The Financial Services Duty of Care Bill

On 29 October Lord Sharkey introduced a Private Members’ Bill into the House of Lords, which proposed amending the Financial Services and Markets Act 2000 (“FSMA“) to empower the FCA to introduce a duty of care owed by authorised persons to consumers in carrying out regulated activities under FSMA (the “Bill“).

The Bill proposed that a duty of care be defined as an obligation to exercise reasonable care and skill when providing a product or a service.

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Do we need a new duty of care in financial services?

On 17 July 2018, the FCA published a paper on its Approach to Consumers (the Approach), accompanied by a discussion paper DP18/5 (the DP) on the possible introduction of a new duty of care and other alternative approaches (a New Duty).

The Approach sets the FCA’s vision for well-functioning markets that work for consumers, and builds on the November 2017 consultation on its Future Approach to Consumers. The aim is to provide greater transparency on when and how the FCA will act to protect consumers, its policy positions on key issues, and its strategy for ensuring that it advances its consumer protection objective with the greatest impact. For our full briefing on the matter, please click here.

 

Jenny Stainsby
Jenny Stainsby
Partner
+44 20 7466 2995
Karen Anderson
Karen Anderson
Partner
+44 20 7466 2404
Jon Ford
Jon Ford
Senior Associate
+44 20 7466 2539

Supreme Court clarifies what is required for “identification” in respect of third party rights under s393 FSMA

In a judgment highly anticipated by firms and their senior managers as well as the regulators, the Supreme Court has overturned decisions of the Court of Appeal and Upper Tribunal, holding in FCA v Macris [2017] UKSC 19 that Achilles Macris was not identified in certain enforcement notices and therefore was not entitled to third party rights.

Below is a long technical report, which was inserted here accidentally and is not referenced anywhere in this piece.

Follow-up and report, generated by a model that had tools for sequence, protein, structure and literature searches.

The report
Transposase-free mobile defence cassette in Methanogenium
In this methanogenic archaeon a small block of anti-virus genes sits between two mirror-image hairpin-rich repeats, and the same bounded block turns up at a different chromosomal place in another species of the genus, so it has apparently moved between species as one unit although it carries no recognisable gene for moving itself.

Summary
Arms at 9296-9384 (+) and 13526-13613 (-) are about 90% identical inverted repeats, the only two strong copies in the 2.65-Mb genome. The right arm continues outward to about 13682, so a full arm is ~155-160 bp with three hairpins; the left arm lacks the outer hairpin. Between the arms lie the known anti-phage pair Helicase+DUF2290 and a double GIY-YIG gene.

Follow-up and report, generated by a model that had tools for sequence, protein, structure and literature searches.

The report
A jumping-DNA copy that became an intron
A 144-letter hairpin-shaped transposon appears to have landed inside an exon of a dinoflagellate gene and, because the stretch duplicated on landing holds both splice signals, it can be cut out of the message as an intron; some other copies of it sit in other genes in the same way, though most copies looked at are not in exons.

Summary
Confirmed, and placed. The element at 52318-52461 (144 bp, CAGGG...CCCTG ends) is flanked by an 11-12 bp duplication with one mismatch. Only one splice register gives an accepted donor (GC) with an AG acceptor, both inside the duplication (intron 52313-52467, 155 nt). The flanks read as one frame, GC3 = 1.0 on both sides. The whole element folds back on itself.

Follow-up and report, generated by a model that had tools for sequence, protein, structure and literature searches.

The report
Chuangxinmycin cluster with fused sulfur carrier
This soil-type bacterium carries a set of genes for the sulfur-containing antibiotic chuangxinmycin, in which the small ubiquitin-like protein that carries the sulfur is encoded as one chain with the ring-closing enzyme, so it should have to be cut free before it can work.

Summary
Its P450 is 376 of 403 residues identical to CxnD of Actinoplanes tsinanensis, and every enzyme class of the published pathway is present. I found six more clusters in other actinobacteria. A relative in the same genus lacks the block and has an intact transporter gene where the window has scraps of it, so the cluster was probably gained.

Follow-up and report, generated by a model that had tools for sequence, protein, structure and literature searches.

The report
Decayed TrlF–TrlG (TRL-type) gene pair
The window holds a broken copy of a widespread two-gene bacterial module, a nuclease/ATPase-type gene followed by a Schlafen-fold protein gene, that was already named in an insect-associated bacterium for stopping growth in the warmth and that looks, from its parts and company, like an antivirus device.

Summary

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UK: FCA will appeal decision to stay land banking case based on defendants’ inability to secure representation following legal aid cuts

The Court has stayed a trial of a prosecution case, brought by the FCA in respect of a land banking scheme involving an alleged £5m fraud, on the basis that, as a result of legal aid cuts, there was no realistic prospect that the defendants could secure legal representation for the trial date which had been set.  The Court described the effort put in by the defence to find trial advocates as “very substantial indeed”.  It was common ground that the five defendants could not receive a fair trial unrepresented.   Continue reading

The courts’ analysis of firms’ responsibilities under COB and COBS client classification requirements

In the years preceding the financial crisis, more and more private clients began to invest in increasingly complex and riskier financial products in the search for yield.

Following the subsequent market turmoil, those investors have sought to recover their losses from the firms by whom they were sold the products. Investors commonly claim they had not understood the complex products in which they had invested, that they were, as a recent judgment put it, “led by the nose like a lamb” into investments far too risky for financial ingénues like themselves. Continue reading